PURPOSE: The objective of the current study was to examine the long-term quality of life (QOL) after colonic cancer resection according to whether or not the patients developed incisional hernia. Furthermore, the impact of incisional hernia repair on QOL was examined in the patient group diagnosed with an incisional hernia.
METHODS: This was a nationwide register-based study including patients undergoing colonic cancer resection identified in the Danish Colorectal Cancer Group database. Surviving patients were contacted and answered the EORTC QLQ-C30 questionnaire and grouped according to subsequent incisional hernia diagnosis, and in a subgroup analysis of patients with subsequent incisional hernia according to incisional hernia repair or not.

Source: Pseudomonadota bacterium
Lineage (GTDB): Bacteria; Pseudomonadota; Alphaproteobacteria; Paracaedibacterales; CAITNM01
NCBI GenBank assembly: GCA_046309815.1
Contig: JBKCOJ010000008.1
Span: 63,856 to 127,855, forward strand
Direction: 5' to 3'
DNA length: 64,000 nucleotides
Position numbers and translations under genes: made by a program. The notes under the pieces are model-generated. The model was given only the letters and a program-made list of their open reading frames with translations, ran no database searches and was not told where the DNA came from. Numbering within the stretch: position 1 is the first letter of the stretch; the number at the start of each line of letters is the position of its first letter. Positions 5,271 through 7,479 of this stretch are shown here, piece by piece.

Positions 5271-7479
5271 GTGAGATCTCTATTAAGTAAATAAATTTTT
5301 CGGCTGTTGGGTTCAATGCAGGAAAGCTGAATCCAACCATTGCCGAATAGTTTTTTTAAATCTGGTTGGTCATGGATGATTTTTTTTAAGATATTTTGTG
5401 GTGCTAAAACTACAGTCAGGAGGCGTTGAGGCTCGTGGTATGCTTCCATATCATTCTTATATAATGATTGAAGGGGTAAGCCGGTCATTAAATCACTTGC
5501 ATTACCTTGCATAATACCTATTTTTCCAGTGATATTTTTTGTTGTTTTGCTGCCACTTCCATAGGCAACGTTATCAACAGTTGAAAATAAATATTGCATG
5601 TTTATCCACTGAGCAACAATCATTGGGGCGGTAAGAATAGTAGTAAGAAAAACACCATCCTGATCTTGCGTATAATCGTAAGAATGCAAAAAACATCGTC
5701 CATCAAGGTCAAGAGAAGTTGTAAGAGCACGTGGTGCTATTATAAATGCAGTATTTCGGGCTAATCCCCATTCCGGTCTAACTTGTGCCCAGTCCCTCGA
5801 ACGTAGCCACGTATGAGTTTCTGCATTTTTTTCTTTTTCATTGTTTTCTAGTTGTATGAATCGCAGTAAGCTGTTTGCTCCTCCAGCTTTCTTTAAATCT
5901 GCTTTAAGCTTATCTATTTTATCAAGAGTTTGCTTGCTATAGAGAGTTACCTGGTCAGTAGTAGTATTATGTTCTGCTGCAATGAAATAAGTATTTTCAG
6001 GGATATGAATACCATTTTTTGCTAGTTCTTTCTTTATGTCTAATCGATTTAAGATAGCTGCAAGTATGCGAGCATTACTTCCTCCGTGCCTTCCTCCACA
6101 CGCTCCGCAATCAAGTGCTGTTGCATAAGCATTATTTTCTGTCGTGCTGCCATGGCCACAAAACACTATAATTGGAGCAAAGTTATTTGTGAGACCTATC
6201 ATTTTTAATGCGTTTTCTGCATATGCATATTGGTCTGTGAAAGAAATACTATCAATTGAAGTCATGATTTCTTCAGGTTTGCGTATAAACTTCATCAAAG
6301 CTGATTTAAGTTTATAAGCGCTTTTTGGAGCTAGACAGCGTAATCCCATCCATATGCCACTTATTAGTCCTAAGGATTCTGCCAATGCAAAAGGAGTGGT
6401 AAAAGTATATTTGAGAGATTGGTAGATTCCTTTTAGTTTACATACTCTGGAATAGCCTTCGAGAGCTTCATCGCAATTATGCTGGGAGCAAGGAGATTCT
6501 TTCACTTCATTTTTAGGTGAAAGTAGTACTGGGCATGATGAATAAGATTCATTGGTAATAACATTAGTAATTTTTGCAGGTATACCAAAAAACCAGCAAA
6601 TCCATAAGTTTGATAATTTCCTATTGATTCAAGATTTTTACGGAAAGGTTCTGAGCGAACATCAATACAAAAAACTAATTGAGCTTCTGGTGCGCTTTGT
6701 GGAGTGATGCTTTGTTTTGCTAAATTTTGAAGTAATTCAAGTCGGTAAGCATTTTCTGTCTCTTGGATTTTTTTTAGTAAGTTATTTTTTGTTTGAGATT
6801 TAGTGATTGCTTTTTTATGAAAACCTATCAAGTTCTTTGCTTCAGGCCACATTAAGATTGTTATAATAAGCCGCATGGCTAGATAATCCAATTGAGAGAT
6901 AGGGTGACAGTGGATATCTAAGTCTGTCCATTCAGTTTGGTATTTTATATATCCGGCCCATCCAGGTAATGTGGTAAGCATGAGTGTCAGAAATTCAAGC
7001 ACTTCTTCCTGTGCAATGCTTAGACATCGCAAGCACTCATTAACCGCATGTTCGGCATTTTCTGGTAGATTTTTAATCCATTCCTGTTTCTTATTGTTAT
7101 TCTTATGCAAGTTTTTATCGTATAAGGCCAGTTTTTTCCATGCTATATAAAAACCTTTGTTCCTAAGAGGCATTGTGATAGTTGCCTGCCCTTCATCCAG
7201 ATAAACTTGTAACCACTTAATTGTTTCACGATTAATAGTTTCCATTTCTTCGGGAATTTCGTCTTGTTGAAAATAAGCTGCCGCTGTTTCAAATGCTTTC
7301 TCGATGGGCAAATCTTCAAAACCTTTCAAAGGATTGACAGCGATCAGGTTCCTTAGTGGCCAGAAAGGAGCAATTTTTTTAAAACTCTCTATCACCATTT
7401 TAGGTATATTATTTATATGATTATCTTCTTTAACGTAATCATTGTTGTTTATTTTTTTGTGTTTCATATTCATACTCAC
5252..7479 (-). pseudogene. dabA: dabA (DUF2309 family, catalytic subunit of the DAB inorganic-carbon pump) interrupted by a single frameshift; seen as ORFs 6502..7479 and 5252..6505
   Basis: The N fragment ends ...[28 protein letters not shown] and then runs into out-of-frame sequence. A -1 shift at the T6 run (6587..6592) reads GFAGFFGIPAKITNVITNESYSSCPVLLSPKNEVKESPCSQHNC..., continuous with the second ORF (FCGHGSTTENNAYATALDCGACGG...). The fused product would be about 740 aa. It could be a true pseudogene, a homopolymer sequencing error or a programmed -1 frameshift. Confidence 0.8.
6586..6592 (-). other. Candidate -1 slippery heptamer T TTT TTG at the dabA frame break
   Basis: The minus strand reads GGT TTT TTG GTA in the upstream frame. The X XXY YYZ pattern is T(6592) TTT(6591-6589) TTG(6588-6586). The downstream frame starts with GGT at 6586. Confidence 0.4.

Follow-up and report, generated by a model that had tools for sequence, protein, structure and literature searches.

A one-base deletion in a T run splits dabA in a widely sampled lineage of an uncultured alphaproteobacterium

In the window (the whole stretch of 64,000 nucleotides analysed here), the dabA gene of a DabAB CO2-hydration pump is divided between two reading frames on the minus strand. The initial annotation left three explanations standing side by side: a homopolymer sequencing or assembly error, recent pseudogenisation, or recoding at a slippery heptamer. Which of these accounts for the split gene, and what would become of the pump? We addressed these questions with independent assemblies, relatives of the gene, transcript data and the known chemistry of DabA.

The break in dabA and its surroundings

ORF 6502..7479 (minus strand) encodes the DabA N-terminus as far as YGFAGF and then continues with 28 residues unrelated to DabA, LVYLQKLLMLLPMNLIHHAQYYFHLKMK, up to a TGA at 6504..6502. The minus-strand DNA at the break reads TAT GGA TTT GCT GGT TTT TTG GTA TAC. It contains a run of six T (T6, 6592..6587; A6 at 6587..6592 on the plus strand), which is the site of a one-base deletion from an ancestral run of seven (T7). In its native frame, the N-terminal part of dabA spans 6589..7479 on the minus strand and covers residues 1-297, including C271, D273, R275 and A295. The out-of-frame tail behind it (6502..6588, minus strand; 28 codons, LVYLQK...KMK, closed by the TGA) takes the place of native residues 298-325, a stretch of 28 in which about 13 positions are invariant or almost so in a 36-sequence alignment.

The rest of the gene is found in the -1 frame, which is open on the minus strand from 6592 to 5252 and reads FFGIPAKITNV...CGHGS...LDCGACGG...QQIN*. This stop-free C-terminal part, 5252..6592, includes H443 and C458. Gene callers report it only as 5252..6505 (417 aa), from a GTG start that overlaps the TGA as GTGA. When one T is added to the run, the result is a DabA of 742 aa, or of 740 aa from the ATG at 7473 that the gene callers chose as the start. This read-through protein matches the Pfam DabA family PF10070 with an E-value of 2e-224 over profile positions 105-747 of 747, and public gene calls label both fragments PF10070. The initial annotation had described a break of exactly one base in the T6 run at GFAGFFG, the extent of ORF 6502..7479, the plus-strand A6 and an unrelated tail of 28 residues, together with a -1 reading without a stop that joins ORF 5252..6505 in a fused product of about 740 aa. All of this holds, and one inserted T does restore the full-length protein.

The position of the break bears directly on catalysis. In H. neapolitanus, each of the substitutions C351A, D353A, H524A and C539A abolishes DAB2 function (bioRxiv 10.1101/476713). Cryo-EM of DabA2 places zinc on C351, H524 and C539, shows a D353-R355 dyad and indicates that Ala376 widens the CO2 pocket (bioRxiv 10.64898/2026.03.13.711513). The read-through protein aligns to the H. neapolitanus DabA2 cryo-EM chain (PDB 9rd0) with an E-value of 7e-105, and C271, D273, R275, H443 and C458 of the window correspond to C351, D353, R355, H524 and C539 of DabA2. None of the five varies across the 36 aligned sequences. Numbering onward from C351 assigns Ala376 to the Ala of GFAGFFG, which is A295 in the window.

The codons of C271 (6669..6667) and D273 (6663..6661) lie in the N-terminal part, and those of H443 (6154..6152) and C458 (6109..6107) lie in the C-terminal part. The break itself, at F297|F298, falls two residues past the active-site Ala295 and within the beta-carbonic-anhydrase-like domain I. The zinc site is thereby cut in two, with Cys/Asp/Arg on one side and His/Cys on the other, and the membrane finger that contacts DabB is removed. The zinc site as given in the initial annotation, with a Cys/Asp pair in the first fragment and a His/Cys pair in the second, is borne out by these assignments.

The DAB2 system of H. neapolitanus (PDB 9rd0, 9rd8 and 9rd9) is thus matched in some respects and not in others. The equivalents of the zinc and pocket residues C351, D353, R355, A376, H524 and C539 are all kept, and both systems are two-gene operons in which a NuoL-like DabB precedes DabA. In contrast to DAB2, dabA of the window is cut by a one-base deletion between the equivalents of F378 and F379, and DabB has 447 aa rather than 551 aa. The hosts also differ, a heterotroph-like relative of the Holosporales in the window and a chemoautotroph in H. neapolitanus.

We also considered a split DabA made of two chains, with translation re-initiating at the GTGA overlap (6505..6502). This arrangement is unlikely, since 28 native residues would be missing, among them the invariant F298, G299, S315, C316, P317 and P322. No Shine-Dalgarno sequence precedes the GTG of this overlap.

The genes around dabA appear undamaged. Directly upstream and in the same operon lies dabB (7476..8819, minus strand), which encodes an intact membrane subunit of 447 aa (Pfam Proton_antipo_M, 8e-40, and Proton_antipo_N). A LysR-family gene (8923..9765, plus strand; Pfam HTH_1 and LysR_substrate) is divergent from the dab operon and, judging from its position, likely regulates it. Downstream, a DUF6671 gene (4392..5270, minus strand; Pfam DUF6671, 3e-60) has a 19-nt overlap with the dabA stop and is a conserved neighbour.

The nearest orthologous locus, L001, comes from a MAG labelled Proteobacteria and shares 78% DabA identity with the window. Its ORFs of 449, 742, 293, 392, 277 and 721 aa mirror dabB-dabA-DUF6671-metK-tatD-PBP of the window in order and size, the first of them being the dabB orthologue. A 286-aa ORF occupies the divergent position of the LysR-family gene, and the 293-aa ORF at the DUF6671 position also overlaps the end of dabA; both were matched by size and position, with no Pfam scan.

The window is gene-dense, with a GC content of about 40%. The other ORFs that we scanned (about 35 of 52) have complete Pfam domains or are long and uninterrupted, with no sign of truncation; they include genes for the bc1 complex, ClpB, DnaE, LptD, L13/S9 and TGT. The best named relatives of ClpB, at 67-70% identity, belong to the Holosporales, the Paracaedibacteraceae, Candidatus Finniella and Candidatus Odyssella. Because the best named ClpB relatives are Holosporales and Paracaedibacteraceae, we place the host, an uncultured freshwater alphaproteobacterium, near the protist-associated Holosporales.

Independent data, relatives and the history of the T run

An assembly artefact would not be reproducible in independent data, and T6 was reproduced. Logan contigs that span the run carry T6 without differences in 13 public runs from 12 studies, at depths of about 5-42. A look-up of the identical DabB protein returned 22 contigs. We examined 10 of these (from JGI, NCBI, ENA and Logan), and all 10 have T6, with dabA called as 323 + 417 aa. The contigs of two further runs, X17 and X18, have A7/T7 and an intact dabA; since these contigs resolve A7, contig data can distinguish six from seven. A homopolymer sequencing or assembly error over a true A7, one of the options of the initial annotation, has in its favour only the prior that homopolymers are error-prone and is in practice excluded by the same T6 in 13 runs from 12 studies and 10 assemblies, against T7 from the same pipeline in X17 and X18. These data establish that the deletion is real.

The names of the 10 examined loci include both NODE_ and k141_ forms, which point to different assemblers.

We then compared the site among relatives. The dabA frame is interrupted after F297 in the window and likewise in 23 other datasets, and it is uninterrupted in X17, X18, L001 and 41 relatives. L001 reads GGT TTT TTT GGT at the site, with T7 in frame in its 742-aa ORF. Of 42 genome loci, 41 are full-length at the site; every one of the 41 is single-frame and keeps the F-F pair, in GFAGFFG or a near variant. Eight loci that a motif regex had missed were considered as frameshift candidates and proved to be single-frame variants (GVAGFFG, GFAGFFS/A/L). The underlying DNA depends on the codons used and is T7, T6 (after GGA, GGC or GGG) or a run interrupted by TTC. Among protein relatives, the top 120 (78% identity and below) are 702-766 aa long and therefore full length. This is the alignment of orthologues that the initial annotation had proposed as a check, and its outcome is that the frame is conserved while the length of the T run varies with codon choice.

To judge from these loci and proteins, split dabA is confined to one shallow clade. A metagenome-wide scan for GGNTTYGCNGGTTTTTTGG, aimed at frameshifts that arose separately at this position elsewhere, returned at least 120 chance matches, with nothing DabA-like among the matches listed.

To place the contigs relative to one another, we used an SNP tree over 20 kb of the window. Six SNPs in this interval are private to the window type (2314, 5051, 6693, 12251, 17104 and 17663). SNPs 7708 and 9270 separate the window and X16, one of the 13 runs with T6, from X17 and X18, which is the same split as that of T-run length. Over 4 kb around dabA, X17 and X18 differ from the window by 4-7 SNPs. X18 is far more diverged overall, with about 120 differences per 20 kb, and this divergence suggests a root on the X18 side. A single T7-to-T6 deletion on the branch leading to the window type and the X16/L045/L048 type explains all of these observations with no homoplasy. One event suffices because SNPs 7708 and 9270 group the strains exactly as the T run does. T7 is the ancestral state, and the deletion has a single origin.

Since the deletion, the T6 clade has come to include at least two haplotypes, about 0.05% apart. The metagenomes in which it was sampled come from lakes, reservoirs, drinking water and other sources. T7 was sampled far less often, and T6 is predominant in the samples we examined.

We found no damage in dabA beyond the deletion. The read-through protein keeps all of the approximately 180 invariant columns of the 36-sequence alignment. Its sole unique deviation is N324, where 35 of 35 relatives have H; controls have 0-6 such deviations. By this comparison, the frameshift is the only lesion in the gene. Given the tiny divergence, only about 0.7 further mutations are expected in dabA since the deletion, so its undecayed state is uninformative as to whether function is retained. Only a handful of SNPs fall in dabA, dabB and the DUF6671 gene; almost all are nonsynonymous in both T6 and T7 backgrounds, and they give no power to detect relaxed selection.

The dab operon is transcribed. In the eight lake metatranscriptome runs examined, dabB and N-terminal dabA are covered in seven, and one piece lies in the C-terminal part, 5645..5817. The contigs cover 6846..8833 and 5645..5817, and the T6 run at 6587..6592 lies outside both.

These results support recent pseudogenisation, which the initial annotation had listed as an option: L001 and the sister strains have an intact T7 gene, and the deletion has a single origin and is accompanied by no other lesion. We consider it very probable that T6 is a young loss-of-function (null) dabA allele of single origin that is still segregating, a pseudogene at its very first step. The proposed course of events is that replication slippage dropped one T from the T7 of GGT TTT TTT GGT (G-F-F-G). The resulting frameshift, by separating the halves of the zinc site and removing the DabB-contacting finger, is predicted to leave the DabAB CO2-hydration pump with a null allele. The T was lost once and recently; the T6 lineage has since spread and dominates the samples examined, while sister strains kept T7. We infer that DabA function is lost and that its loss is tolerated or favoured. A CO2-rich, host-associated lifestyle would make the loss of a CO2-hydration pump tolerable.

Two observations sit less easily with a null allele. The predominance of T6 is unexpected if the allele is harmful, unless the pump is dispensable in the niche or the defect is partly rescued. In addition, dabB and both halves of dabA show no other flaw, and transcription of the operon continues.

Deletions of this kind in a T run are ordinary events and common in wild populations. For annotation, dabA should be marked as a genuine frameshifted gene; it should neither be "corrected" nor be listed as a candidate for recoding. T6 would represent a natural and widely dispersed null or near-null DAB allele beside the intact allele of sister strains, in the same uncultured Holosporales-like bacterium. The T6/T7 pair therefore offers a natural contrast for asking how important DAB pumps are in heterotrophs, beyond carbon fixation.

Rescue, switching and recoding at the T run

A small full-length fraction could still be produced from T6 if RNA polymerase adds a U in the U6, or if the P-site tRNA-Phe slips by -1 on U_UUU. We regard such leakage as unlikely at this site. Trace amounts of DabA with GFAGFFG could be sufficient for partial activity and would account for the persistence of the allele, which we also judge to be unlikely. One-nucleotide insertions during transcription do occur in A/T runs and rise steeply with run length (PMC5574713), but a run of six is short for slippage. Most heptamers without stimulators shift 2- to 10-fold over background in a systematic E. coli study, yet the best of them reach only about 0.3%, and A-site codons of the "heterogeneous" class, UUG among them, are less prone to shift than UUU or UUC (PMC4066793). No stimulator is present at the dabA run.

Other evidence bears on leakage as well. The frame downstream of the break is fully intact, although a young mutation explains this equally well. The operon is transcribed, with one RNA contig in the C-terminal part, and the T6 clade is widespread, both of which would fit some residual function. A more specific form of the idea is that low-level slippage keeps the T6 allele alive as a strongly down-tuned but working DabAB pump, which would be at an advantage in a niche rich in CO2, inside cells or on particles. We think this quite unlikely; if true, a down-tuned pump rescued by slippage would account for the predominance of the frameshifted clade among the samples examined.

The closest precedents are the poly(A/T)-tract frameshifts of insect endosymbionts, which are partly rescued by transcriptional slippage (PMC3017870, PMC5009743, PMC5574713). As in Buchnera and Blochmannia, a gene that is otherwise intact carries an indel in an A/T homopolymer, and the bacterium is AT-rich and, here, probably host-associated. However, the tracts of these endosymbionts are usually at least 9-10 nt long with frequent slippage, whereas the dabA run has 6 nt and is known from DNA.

RESULTS: A total of 2466 patients were included. The median time from colonic cancer resection to QOL assessment was 9.9 years, during which a total of 215 (8.7%) patients were diagnosed with incisional hernia, and 156 (72.6%) of these underwent incisional hernia repair. After adjustment for confounders, incisional hernia subsequent to colonic cancer resection was significantly associated with reduced QOL in the domains Global health, Physical functioning, Role functioning, Emotional functioning and Social functioning, as well as significantly associated with increased symptoms in the scales of pain, dyspnoea and insomnia. Of patients with incisional hernia, surgical repair was associated with increased QOL in the domains Physical functioning and Role functioning.
CONCLUSIONS: Incisional hernia subsequent to colonic cancer resection was associated with reduced QOL several years after surgery and should be considered taken into account when evaluating the long-term outcome of colonic cancer resection.
|Tidsskrift||Hernia : the journal of hernias and abdominal wall surgery|
|Status||Udgivet - apr. 2020|